In dying of colon cancer last month at the age of 43, Chadwick Boseman left behind one of the most unusual careers of any modern movie star. At age 35 he was a minor television actor and part-time playwright, with lots of one-off roles on CSI-type shows and zero public recognition. Then he won the part of Jackie Robinson in the film 42, and over the next seven years he played three of the most famous African-American figures of the 20th century — Robinson, Thurgood Marshall in Marshall, and James Brown in Get On Up — plus a comic-book figure …
This article appears as “What Might Have Been” in the September 21, 2020, print edition of National Review.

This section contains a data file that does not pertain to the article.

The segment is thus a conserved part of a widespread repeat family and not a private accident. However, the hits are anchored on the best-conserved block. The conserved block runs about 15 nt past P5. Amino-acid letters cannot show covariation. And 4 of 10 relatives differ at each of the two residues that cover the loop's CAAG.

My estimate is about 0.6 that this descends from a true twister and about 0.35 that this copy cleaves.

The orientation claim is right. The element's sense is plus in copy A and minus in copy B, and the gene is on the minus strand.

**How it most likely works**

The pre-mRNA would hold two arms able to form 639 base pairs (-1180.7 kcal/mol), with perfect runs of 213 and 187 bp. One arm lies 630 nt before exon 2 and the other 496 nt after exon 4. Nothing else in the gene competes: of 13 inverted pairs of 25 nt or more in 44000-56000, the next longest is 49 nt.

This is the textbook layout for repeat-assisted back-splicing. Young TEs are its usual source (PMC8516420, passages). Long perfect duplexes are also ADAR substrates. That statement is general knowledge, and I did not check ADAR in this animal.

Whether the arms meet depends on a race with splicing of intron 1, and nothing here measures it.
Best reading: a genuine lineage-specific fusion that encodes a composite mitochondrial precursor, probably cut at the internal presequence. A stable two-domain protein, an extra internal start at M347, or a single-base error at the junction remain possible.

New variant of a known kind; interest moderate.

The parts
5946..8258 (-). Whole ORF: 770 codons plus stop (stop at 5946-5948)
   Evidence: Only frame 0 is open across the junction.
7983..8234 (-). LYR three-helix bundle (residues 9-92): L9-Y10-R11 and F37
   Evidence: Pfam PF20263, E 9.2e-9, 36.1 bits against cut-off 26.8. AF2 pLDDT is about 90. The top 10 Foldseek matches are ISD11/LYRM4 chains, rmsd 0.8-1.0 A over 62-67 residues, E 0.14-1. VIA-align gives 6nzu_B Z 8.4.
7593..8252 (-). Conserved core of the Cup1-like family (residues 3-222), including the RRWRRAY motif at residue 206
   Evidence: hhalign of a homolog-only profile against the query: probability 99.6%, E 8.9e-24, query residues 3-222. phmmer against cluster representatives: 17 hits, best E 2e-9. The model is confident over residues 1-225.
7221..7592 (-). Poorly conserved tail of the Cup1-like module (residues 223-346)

Something to Consider
If you enjoyed this article, we have a proposition for you: Join NRPLUS. Members get all of our content (including the magazine), no paywalls or content meters, an advertising-minimal experience, and unique access to our writers and editors (conference calls, social-media groups, etc.). And importantly, NRPLUS members help keep NR going. Consider it?
If you enjoyed this article, and were stimulated by its contents, we have a proposition for you: Join NRPLUS.